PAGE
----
PARIS -- Formula One's governing body said the Bahrain Grand Prix will go ahead as planned despite ongoing political instability in the country and threats by some groups to disrupt the event.
In a statement issued early Friday, the FIA said: "Based on the current information the FIA has at this stage, it is satisfied that all the proper security measures are in place.
"Therefore, the FIA confirms that the 2012 Gulf Air F1 Grand Prix of Bahrain will go ahead as scheduled."
The race will be held on April 22 at the Sakhir circuit.
The statement said FIA President Jean Todt visited Bahrain in November last year and had met elected Shia members of parliament, the president of the Bahrain Independent Commission of Inquiry, ambassadors from the European Union countries, the Crown Prince, the Interior Minister and local businessmen to discuss the political situation of the country and viability of the race.
"All expressed their wish for the Grand Prix to go ahead in 2012, and since then, the FIA has kept in close touch with all these stakeholders. "Away from the public eye, the FIA has received regular security briefings from the most senior diplomatic officials based in the kingdom as well as from other independent experts."
The FIA said it had received no request from the Bahraini government or the F1 commercial rights holder, led by Bernie Ecclestone, to cancel the event.
It was canceled last year, and pressure had been growing for a similar withdrawal in 2012 because of ongoing clashes between security forces and anti-government protesters in the sectarian dispute. The crackdown has left at least 50 people dead.
Ecclestone, however, said Thursday at the Chinese GP that he saw no need for F1 to avoid Bahrain. He plans to meet with the F1 teams on Friday for discussions, but stressed that wouldn't change the situation.
"I don't see any difference between here (China) and Bahrain," Ecclestone said. "It's the same. It's another race on the calendar."
Bahrain's Sunni leaders and race organizers remain committed to going ahead as a way of showing the divided Persian Gulf island nation is moving past the strife of the past year and coming together again.
Bahrain's circuit chairman said earlier this week that extremist groups are using "scare-mongering tactics" to make the unrest seem worse than it is to force the cancellation of the race.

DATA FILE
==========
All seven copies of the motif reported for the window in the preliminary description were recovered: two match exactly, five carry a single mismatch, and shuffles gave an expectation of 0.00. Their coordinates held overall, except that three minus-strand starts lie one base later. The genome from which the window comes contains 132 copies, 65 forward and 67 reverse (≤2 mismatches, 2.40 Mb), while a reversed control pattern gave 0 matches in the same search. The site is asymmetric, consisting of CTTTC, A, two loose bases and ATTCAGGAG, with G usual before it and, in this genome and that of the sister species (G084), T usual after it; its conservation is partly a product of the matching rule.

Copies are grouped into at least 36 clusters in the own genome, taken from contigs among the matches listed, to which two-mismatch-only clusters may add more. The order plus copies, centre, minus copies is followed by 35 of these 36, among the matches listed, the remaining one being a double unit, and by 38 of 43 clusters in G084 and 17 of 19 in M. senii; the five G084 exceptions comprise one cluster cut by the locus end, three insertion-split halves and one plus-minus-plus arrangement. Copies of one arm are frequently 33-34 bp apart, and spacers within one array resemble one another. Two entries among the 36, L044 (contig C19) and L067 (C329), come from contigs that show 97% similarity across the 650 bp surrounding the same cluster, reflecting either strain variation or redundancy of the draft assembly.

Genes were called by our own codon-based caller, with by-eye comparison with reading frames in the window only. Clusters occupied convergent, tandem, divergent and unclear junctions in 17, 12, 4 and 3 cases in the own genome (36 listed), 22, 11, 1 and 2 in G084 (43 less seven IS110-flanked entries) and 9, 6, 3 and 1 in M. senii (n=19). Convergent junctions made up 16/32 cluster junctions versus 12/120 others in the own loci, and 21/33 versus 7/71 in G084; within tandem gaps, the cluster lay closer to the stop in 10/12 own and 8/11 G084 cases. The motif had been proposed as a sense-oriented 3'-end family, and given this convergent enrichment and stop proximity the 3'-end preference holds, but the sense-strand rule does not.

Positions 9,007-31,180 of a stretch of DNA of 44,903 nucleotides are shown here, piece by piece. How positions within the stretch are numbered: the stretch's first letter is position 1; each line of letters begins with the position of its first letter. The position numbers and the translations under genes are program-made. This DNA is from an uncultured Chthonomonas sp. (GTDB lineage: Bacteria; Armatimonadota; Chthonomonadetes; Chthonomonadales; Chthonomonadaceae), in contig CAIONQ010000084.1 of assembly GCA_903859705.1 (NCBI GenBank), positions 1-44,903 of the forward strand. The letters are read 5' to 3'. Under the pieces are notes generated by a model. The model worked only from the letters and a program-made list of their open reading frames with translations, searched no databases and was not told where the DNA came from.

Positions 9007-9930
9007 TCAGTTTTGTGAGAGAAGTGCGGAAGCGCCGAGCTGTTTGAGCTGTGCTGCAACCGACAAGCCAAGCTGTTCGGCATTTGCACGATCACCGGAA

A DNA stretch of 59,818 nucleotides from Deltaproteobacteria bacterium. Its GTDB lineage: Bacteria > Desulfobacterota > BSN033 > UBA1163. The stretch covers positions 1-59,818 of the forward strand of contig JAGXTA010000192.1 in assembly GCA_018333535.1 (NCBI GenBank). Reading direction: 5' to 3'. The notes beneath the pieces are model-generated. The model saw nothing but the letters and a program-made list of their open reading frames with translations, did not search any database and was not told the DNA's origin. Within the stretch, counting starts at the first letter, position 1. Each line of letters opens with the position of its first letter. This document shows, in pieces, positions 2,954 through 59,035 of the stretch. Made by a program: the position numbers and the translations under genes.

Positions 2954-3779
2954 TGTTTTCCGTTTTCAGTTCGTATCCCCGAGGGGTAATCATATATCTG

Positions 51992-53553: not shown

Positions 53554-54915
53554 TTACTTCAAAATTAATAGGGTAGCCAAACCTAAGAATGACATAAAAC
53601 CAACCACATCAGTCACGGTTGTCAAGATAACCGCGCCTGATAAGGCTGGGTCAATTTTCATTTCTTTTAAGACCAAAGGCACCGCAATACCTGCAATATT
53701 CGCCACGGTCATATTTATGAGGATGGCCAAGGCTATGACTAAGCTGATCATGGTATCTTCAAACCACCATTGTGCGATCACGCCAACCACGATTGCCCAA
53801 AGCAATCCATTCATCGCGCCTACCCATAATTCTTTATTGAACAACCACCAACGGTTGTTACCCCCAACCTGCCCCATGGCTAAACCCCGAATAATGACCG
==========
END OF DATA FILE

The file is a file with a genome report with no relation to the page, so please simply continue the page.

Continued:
Amid the ongoing turmoil in the country, human rights groups have criticized the race being reinstated this year. Protesters have galvanized supporters by incorporating anti-F1 chants in their marches, putting anti-F1 posters on walls and criticizing Ecclestone and F1 drivers in online posts.
Amnesty International is also planning to release a report next week on the eve of the race detailing the numbers of protesters in Bahraini jails and the human rights violations that it says are still being committed by security forces.
Many drivers avoided talking about the situation Thursday. When six of them were asked at a news conference whether they had any moral problems with competing in Bahrain, all six sat completely still and didn't say a word.
Reigning world champion Sebastian Vettel also deflected questions about the race.
"No Bahrain questions. Ask the people in the paddock," he said. "Maybe I don't watch enough TV."
His Red Bull teammate Mark Webber, however, noted the difficulty of the position the drivers have been put in.
"Ultimately, we are all human. We have morals, we have ways we see things," he said. "We like to think that people and situations are fair and everything is, as I suppose, correct as we would like it to be.
"As a Grand Prix driver, I'm contracted to the team, they're contracted to the FIA. They hold a 20-round world championship. We go to those venues and race. And that's where it is."
Ferrari's Fernando Alonso said any decision is out of the drivers' hands.
"We need to trust the FIA in which the people that have all the information," he said. "As personal point of view, the sport is made to help some kinds of these situations. If doing the race, the sport can help the people there, that can be a good thing -- we will be good to go. If it is the opposite, if the sport can be a problem, so it is no good to go. We will accept any decision."
Webber was equivocal when asked if he thought the country would be safe for drivers, officials and workers.
"We need to trust the people making the decision that they know how these people are going to operate," he said. "That's what it comes down to at the end of the day. You and I don't know. And that's what we're going to find out."